Canadian (born in Germany), 1896–1969
Abstract, c. 1930
ink on paper
38.7 x 44.2 cm
Collection of the Winnipeg Art Gallery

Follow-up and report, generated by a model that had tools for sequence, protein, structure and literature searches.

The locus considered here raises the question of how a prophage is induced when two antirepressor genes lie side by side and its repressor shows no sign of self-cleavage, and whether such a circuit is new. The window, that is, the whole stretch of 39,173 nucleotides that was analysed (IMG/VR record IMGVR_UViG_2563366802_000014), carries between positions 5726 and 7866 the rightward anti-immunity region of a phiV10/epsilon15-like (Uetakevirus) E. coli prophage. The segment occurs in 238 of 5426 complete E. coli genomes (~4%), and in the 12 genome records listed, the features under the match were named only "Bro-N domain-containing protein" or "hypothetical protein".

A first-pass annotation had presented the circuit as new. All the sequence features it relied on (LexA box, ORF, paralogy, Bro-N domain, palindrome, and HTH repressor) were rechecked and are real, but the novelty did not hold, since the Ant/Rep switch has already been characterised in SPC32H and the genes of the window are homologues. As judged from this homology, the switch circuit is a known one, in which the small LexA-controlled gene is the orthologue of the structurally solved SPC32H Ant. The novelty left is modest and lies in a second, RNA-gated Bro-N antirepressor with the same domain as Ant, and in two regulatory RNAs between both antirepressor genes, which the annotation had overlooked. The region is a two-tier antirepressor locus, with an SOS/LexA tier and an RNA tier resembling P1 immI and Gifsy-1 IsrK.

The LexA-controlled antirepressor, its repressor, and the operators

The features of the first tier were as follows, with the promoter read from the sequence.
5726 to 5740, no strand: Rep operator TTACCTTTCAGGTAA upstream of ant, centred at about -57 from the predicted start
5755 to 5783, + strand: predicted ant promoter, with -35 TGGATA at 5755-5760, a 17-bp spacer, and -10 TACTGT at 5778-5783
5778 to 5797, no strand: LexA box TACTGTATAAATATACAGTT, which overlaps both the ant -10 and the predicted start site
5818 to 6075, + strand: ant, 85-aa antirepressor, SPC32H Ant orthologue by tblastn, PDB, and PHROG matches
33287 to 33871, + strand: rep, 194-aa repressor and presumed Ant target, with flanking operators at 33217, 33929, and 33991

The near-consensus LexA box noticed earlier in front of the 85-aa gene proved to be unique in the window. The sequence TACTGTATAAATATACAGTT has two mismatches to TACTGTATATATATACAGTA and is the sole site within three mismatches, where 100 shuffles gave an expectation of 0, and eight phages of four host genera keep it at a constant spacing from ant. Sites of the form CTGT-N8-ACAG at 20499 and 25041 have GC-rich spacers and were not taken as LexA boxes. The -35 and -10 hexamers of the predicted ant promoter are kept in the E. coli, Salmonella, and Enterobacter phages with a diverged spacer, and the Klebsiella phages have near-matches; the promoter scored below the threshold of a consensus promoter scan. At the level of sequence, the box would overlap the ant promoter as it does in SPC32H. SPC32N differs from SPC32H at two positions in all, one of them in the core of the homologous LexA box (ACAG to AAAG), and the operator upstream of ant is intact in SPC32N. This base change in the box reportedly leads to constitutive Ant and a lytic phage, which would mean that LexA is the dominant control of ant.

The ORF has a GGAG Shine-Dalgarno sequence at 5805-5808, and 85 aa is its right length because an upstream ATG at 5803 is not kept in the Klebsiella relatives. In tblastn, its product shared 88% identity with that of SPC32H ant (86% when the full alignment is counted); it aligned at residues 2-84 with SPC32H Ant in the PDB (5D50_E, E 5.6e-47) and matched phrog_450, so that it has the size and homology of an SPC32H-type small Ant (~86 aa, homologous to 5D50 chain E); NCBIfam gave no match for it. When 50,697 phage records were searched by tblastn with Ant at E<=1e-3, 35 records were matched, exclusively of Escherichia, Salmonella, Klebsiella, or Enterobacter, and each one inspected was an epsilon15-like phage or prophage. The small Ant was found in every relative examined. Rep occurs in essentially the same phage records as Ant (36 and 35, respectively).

Fritz Brandtner emigrated from Germany to Winnipeg in 1928. Working as a commercial artist, he introduced many Canadian painters to German Expressionism, a movement that arose during World War I and which regarded art as a vehicle for emotional outpouring. Apart from a few colleagues, Brandtner found the Winnipeg community largely unsympathetic to the movement. In 1934 he moved to Montreal where he exhibited and taught art, most notably to children. His circle of friends included artists like John Lyman and Philip Surrey, as well as the well-known physician Norman Bethune. Brandtner was a prolific artist who vacillated between figurative and abstract approaches. The WAG drawing is a work of early innovation that, despite its diminutive scale, foreshadows the rise of gestural abstraction two decades later.